Burke, Kenneth. "Antony in Behalf of the Play."
Southern Review, 1 (1935): 308-319. Rpt. in The Philosophy of Literary Form: Studies in Symbolic Action. N.P.: Louisiana State UP, 1941. 329-43.

Thesis: Burke's general aim is to "consider literature . . . as a communicative relationship between writer and audience, with both parties actively participating" (329). In this case,
This reader-writer relationship is emphasized in the following article, which is an imaginary speech by Antony. Instead of addressing the mob, as he is pictured in the third act of Julius Caesar, he turns to the audience. And instead of being a dramatic character within the play, he is here made to speak as a critical commentator upon the play, explaining its mechanism and its virtues. Thus we have a tale from Shakespeare, retold, not as a plot but from the standpoint of the rhetorician, who is concerned with a work's processes of appeal.  (329-30)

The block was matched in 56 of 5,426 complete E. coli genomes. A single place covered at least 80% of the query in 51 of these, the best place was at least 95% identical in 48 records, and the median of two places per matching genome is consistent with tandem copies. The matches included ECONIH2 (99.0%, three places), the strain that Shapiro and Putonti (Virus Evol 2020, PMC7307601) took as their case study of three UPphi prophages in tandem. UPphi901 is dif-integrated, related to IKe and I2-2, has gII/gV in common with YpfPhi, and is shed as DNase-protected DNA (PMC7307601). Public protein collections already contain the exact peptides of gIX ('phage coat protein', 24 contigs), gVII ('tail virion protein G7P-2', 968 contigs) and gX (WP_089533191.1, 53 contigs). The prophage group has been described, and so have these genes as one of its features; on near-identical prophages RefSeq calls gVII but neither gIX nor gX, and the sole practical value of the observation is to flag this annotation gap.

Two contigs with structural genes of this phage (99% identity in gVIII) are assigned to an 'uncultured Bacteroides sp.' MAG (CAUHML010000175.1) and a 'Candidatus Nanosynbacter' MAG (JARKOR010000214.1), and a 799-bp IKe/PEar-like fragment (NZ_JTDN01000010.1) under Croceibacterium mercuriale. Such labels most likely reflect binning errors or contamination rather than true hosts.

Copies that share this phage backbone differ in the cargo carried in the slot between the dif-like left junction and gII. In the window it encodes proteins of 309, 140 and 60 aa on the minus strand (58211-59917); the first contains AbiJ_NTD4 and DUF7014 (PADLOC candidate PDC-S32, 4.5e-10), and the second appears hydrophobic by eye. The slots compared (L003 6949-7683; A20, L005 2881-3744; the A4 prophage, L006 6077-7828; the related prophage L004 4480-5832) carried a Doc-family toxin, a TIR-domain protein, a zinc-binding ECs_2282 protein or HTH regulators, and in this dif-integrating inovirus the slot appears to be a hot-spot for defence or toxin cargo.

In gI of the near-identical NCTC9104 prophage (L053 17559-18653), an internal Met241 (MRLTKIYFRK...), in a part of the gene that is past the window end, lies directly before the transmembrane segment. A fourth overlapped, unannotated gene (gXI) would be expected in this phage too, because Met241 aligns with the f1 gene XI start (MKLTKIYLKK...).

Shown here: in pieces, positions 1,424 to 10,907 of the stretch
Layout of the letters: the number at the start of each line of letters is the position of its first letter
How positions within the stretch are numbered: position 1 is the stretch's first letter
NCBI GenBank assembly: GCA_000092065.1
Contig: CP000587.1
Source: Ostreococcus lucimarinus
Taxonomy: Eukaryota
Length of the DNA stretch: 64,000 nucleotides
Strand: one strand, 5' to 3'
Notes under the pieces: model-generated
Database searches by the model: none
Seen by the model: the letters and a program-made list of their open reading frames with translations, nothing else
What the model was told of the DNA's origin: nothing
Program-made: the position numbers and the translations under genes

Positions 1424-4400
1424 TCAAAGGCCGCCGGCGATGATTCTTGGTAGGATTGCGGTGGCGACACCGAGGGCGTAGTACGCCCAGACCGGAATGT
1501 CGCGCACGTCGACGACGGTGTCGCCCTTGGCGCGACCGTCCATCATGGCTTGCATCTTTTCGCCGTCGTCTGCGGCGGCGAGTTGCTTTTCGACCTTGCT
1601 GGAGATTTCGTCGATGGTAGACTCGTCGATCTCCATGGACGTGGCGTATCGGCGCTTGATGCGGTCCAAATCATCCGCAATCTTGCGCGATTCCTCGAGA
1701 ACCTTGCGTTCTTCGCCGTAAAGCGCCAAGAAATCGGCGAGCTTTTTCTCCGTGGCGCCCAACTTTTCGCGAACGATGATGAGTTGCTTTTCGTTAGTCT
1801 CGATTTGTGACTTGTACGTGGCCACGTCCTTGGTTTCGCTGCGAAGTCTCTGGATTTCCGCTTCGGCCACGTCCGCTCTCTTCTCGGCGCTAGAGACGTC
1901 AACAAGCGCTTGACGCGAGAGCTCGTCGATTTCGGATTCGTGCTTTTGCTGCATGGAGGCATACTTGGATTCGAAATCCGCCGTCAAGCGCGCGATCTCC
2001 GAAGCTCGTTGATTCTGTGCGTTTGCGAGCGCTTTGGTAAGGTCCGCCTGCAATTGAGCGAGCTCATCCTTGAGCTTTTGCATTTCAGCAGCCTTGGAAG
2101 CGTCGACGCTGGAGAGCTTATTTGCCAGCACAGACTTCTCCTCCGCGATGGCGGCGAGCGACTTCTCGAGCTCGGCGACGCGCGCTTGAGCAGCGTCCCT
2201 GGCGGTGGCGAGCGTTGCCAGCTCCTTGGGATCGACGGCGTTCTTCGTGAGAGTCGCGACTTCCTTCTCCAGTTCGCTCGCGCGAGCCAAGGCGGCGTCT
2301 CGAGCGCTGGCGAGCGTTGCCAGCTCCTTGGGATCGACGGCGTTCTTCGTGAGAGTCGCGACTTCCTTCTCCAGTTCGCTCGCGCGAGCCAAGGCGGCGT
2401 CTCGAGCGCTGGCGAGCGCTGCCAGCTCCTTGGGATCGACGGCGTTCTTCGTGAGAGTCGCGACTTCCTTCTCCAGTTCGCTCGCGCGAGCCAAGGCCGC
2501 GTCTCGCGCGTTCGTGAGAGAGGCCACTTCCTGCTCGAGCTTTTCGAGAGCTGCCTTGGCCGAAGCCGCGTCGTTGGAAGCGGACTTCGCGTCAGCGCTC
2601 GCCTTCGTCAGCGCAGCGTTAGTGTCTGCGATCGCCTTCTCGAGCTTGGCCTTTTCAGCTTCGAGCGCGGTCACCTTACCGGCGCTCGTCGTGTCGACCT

Burke's method makes summary difficult, but I believe that his main point is that Shakespeare keeps his audience in "as vacillating a condition as this very Roman mob you have been watching with so little respect" (331), inviting both sympathy for and doubts about Brutus, Caesar, and Antony. Burke's method also gives him the freedom to simply assert major points, such as the idea that Antony is "no mere Caesar-adjunct, but the very vessel of the Caesar-principle" (334). Antony doesn't explain just what the "Caesar-principle" is, or why he embodies it, rather than Octavius, who becomes the next Caesar.

Bottom Line: Cloudy, and only mildly interesting.